Trump visits: The president’s numbers aren’t budging much in publicly available polling. But it’s not for a lack of face time with Wisconsin voters. Trump makes Wisconsin stop No. 5 of 2020 in Mosinee, while Vice President Mike Pence will notch his ninth visit to the state next week in Eau Claire. Biden, by contrast, has been to Wisconsin once, stopping in Kenosha two days after Trump’s visit, and running mate Kamala Harris has only made one stop since being added to the ticket. The president’s rally in central Wisconsin was the usual mix of bravado, insults and promises of greatness. It’s also about pumping up his base, insiders say. One of the striking things about the recently released polls is Trump’s consistent position in the low- to mid-40s. Getting back to the 47.2 percent he recorded four years ago likely isn’t going to be good enough for Trump this time, insiders say. That means he has to grow his vote. But so far, he hasn’t been able to broaden his appeal much with suburbanites, who appear to be drifting from the GOP. Trump’s support in rural areas appears rock-solid and has even grown a little since 2016. But if turnout in urban areas picks up after Hillary Clinton underperformed there four years ago, Trump would need to supercharge the rural vote. That’s where the Trump ground game comes in, Republicans argue. Insiders note that a ground game can’t change a negative political environment. But it can take advantage of favorable winds — and it can find voters who otherwise wouldn’t have turned out. Dems question where Trump will find the voters to overcome what they say is a renewed enthusiasm in places where Clinton didn’t excite voters four years ago. An incumbent president banking on reelection shouldn’t be in the low 40s six weeks out from the election, they add. Republicans, meanwhile, say their modeling has the race in better shape for Trump than the Marquette University Law School Poll, which had a 4-point spread that was inside the margin of error. Things have been moving in the right direction the last few weeks, Republicans add, but it’s going to be harder to move voters in the suburbs than they’d hoped, which makes rural voters that much more important. Meanwhile, Republicans note Trump coming to Wisconsin so frequently is a sign his campaign doesn’t see a 10-point deficit in the Badger State. Insiders also note the playing field is much larger for this late in the race than once expected. Some had believed going into 2020 that it would all come down to about a half-dozen states. Instead, there are a dozen that some believe could legitimately go either direction. Part of it is Trump’s stubborn numbers in the low- to mid-40s in other states besides Wisconsin. It keeps him close enough to Biden that he can’t abandon a state just in case he loses a couple that were in his column in 2016. The flip side of that is he also hasn’t shaken Biden in states such as Georgia, where the president is currently up on TV. Medium Buying, which tracks TV buys, has Biden up in nine states (Arizona, Florida, Michigan, Minnesota, North Carolina, Nevada, Ohio, Pennsylvania and Wisconsin) along with Omaha for the electoral vote out of Nebraska’s 2nd Congressional District. Trump was up in the same states — plus Omaha — except for Nevada and Ohio. Along with Georgia, he was also on the air in Maine, two states where he wasn’t being matched by Biden. If Trump and his surrogates keep coming to Wisconsin on a weekly basis, Republicans argue, that’s a better gauge than national polls on how competitive the state is.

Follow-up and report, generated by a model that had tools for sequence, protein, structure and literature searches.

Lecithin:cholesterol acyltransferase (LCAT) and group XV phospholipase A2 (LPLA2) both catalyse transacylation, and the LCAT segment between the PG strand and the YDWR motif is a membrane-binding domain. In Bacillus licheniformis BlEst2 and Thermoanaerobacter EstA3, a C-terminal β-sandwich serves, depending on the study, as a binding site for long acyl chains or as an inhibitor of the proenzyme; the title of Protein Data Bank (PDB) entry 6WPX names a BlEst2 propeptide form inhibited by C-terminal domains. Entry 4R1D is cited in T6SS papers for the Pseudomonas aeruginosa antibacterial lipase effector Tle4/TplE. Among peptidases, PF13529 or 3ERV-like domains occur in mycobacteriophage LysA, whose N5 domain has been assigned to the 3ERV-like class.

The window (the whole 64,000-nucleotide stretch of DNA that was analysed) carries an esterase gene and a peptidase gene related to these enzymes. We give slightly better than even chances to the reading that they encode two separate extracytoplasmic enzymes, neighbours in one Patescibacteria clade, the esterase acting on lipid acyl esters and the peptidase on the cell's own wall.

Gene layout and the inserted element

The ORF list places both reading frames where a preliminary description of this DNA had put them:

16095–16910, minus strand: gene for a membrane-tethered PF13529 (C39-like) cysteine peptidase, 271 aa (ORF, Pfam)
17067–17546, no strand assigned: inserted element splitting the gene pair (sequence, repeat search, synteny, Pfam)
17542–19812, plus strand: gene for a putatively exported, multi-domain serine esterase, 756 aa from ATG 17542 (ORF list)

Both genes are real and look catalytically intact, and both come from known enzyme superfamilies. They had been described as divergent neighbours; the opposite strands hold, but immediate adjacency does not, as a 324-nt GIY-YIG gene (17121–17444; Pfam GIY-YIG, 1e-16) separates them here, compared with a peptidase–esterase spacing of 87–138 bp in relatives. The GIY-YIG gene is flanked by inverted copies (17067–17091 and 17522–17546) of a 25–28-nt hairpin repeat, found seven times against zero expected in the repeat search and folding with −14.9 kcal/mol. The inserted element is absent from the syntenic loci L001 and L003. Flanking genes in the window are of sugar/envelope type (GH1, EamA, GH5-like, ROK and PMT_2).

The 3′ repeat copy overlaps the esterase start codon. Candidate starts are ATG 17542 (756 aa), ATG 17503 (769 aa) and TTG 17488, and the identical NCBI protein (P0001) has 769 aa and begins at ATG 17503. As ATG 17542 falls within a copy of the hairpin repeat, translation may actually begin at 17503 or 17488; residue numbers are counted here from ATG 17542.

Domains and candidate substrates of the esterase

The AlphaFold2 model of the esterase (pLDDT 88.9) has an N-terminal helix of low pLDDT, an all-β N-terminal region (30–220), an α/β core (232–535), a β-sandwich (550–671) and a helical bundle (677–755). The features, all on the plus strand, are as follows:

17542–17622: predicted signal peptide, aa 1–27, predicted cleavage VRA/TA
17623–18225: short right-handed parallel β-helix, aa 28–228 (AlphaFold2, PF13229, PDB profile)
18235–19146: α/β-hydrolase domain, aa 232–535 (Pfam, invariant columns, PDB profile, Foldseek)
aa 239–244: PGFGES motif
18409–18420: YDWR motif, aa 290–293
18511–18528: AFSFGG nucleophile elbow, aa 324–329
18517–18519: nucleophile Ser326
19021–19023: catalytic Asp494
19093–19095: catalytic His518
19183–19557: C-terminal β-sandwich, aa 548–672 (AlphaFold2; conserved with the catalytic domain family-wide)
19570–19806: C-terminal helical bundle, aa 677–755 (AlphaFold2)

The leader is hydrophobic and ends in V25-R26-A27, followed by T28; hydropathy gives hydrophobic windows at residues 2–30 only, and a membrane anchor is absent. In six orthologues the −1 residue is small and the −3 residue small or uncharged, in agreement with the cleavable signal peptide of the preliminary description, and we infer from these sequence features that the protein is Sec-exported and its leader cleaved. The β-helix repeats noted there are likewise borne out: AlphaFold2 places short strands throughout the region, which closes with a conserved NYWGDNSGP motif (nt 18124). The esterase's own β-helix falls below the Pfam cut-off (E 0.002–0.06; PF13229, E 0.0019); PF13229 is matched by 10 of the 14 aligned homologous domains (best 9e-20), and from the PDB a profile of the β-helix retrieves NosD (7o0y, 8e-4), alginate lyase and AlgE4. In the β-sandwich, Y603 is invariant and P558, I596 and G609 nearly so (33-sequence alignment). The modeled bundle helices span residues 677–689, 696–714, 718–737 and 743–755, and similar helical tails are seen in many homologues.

COVID-19 cases: As the pandemic rages, a COVID-19 tracking project from news outlet The Atlantic shows state health departments are having mixed results driving down cases. Some Midwestern states like Iowa, Minnesota and Illinois see double-digit drops in the percentage of cases they’ve reported this week compared to last week. But Wisconsin is the flip side of that coin. The Badger State reports a 52.5 percent increase in its seven-day average of new cases, the third-highest rate in the country. Health officials — and metrics — attribute the spike to those aged 18 to 24. Department of Health Services data show that age bracket is the only one to have an almost straight-line increase over the past three weeks. Dr. Ryan Westergaard, head of the state’s Bureau of Communicable Diseases, says it’s very likely that colleges and universities opening up for in-person instruction is the cause. Close living quarters among students and nightlife social activities off campus are prime drivers for spreading coronavirus. And that bears out in a different data set as well. Eight Wisconsin cities rank among the top 20 in the nation in terms of areas seeing the fastest growth in COVID-19 cases, according to an analysis from the New York Times. Seven of those cities — La Crosse, Whitewater, Oshkosh, Stevens Point, Platteville, Madison and Green Bay — are home to UW System campuses. Some campuses, including UW-Madison, go virtual as coronavirus spreads rapidly through college towns across the state. But as cases spike, the Big Ten announces it intends to move forward with its football season and President Trump seeks to claim some of the credit. “Have a FANTASTIC SEASON! It is my great honor to have helped!!!” Trump tweets. Capitol insiders of all stripes question the move, but for different reasons. Dems say the football season is putting kids in harm’s way. They note on the same day the Big Ten announces plans to resume a fall football season, UW-Madison reports its first student hospitalized due to complications with COVID-19. Republicans, meanwhile, both privately and publicly raise a different line of questioning. Conservative Sen. Duey Stroebel says he backs the move, but tweets: “What has changed since 8/11?” The answer, insiders say, is more likely in the checkbook than the science.